Notes from ZFS Adventures for TrueNAS Replication

My collection of old small SSDs played a game of musical chairs to free up a drive for my TrueNAS replication machine, the process of which was an opportunity for hands-on time with some Linux disk administration tools. Now that I have my system drive up and running on Ubuntu Server 22.04 LTS, it’s time to wade into the land of ZFS again. It’s been long enough that I had to refer to documentation to rediscover what I need to do, so I’m taking down these notes for if when I need to do it again.


ZFS tools are not installed by default on Ubuntu 22.04. There seems to be two separate packages for ZFS. I don’t understand the tradeoffs between those two options, I chose to sudo apt install zfsutils-linux because that’s what Ubuntu’s ZFS tutorial used.


Since my drive was already setup to be a replication storage drive, I didn’t have to create a new ZFS pool from scratch. If I did, though, here are the steps (excerpts from the Ubuntu tutorial linked above):

  • Either “fdisk -l” or “lsblk” to list all the storage devices attached to the machine.
  • Find the target device name (example: /dev/sdb) and choose a pool name (example: myzfs)
  • “zpool create myzfs /dev/sdb” would create a new storage pool with a single device. Many ZFS advantages require multiple disks, but for TrueNAS replication I just output to a single drive.

Once a pool exists, we need to create our first dataset on that pool.

  • “zfs create myzfs/myset” to create a dataset “myset” on pool “myzfs”
  • Optional: “zfs set compress=lz4 myzfs/mydataset” to enable LZ4 compression on specified dataset.


  • “zpool scrub myzfs” to check integrity of data on disk. With a single drive it wouldn’t be possible to automatically repair any errors, but at least we would know that problems exist.
  • “zpool export myzfs” is the closest thing I found to “ejecting” a ZFS pool. Ideally, we do this before we move a pool to another machine.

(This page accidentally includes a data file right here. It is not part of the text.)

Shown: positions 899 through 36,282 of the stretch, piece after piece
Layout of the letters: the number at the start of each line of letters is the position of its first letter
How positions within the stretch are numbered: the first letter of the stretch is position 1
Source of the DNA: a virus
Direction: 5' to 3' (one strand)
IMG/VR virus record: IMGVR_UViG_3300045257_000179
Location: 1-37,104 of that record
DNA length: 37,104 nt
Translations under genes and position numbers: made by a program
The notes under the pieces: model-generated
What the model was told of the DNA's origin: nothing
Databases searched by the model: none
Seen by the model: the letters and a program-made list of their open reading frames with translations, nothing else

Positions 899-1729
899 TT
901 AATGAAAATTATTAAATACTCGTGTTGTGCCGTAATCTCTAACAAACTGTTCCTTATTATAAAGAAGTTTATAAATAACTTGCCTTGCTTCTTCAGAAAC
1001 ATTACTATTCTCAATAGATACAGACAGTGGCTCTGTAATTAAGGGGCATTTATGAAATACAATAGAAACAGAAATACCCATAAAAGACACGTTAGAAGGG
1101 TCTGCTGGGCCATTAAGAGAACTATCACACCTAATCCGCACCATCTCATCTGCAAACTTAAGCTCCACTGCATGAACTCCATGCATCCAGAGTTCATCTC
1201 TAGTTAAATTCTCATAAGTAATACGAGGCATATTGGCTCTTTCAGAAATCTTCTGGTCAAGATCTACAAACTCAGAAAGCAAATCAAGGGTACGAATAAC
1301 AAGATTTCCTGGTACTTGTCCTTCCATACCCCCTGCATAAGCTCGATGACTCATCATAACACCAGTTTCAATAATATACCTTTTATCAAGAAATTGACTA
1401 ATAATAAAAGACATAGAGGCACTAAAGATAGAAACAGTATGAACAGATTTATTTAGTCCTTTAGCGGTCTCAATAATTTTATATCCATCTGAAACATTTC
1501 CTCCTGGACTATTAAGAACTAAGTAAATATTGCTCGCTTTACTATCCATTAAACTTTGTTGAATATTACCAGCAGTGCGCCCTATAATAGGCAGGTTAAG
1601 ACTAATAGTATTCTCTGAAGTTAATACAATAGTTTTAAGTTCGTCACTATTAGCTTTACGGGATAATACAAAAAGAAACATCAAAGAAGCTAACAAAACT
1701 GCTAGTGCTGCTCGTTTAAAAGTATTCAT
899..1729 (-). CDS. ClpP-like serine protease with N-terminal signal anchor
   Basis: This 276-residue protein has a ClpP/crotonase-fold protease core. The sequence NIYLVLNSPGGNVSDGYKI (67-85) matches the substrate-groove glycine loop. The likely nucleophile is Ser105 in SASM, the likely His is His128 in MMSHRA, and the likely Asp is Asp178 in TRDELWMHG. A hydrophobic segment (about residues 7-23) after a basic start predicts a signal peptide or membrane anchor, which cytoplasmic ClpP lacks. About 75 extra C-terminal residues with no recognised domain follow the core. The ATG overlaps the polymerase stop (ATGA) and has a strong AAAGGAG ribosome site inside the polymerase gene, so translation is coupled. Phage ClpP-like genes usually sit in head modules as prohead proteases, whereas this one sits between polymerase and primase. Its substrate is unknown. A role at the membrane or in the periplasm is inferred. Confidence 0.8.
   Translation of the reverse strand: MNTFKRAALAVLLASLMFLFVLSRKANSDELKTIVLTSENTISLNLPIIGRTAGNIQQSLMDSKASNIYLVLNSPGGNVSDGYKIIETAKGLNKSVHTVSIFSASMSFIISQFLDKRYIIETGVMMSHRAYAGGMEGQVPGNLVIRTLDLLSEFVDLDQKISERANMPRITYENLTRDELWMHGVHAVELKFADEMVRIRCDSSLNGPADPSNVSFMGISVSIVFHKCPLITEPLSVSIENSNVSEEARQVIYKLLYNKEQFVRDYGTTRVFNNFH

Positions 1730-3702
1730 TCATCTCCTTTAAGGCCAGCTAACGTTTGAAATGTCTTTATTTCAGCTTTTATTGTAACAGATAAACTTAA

• “zpool import myzfs” brings an existing ZFS pool onto the system. Ideally this pool had been “export”-ed from the previous machine, but as I found out when my USB enclosure died, this was not strictly required. I was able to import it into my new replication machine. (I don’t know what risks I took when I failed to export.)
  • “zfs list -t snapshot” to show all ZFS snapshots on record.

TrueNAS Replication

The big unknown for me is figuring out permissions for a non-root replication user. So far, I’ve only had luck doing this on root account of the replication target, which is bad for many reasons. But every time I tried to use a non-root account, replication fails with error umount: only root can use "--types" option

  • On TrueNAS: System/SSH Keypairs. “Add” to generate a new pair of private/public key. Copy the public key.
  • On replication target: add that public key to /root/.ssh/authorized_keys
  • On TrueNAS: System/SSH Connections. “Add” to create a new connection. Enter a name and IP address, and select the keypair generated earlier. Click “Discover Remote Host Key” which is our first test to see if SSH is setup correctly.
  • On TrueNAS: Tasks/Replication Tasks. “Add” to create a replication job using the newly created SSH connection to push replication data to the zfs dataset we just created.

Monitor Disk Activity

The problem with an automated task going directly to root is that I couldn’t tell what (if anything) was happening. There are several Linux tools to monitor disk activity. I first tried “iotop” but unhappy with the fact it required admin privileges and that is not considered a bug. (“Please stop opening bugs on this.”) Looking for an alternative, I found this list and decided dstat was the best fit for my needs. It is not installed on Ubuntu Server by default, but I could run sudo apt install pcp to install, followed by dstat -cd --disk-util --disk-tps to see activity level of all disks.

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